. . . .

Irony prospers in the digital age.

Translation: We kinda screwed ourselves.

This odd aberration in the market will cause us to occasionally change the digital list price of your books in what may seem to be random fashion. I ask for your forbearance. We will be attempting to create even pricing as best we can.

Translation: We are attempting to create even pricing with ebooks. With paper, we want Amazon to discount them as much as possible. We’re okay with Amazon undercutting the competition on the price of paper books. That’s a monopoly we want them to have, even if it hurts B&N and indie bookstores. But with ebooks, because we have no distribution oligopoly and are technically not needed by authors, we insist on controlling prices.

. . . .

In our search for new routes to market, we have been considering alternative business models including the subscription model. Many of you know that we have long been opposed to subscription. We have always worried that it will erode the perceived value of your books. Though this significant long-term risk remains, we have decided to test subscription in the coming weeks.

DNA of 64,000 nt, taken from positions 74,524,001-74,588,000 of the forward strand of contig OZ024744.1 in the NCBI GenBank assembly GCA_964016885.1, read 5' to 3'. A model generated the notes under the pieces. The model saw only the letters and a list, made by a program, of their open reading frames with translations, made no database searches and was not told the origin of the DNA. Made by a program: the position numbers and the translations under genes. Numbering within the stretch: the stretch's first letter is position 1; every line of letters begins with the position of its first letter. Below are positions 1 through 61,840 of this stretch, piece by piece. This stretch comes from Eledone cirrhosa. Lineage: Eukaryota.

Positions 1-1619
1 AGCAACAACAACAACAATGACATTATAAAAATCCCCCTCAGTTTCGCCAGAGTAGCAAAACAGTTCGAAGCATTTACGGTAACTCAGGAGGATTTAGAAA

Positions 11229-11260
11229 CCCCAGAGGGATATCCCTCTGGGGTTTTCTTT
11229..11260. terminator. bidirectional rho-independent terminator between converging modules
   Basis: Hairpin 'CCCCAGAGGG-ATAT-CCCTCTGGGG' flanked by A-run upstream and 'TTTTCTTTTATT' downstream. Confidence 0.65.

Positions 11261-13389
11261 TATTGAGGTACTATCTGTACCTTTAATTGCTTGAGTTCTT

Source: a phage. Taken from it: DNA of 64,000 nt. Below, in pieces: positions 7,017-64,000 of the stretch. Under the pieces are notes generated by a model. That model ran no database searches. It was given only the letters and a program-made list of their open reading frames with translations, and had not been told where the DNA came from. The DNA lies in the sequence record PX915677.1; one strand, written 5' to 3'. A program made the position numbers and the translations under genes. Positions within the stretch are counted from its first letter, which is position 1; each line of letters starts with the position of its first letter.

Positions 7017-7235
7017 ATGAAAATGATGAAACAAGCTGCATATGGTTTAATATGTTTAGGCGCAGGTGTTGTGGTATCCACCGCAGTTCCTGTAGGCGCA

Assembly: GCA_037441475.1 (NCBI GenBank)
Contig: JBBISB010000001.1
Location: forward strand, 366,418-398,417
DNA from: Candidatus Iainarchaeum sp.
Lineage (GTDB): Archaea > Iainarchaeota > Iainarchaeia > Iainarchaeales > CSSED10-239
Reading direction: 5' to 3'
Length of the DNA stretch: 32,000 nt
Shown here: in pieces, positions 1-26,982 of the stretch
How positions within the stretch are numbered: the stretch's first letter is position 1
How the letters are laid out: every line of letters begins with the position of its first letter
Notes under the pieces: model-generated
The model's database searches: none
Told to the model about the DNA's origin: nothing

Translation: Be prepared to make even less money. And we’re doing this even though we’re concerned the perceived value of your books will drop, something often pointed to as the reason we’ve kept ebook prices high. So we’re hypocrites. But it’s okay, because we’re trying to save ourselves.

. . . .

I remain entirely optimistic about our prospects together as we go forward. 

Translation: Macmillan’s prospects. Not the prospects of our writers.

Macmillan owns your rights, and we can do whatever the hell we want with them, and you have no say in it because you signed those rights away to us. Your rights are our sole assets.

We haven’t exploited your rights like we should have, because we were looking at the long game. Ours, not yours.

Looks like the long game won’t pan out. So we’re changing strategies.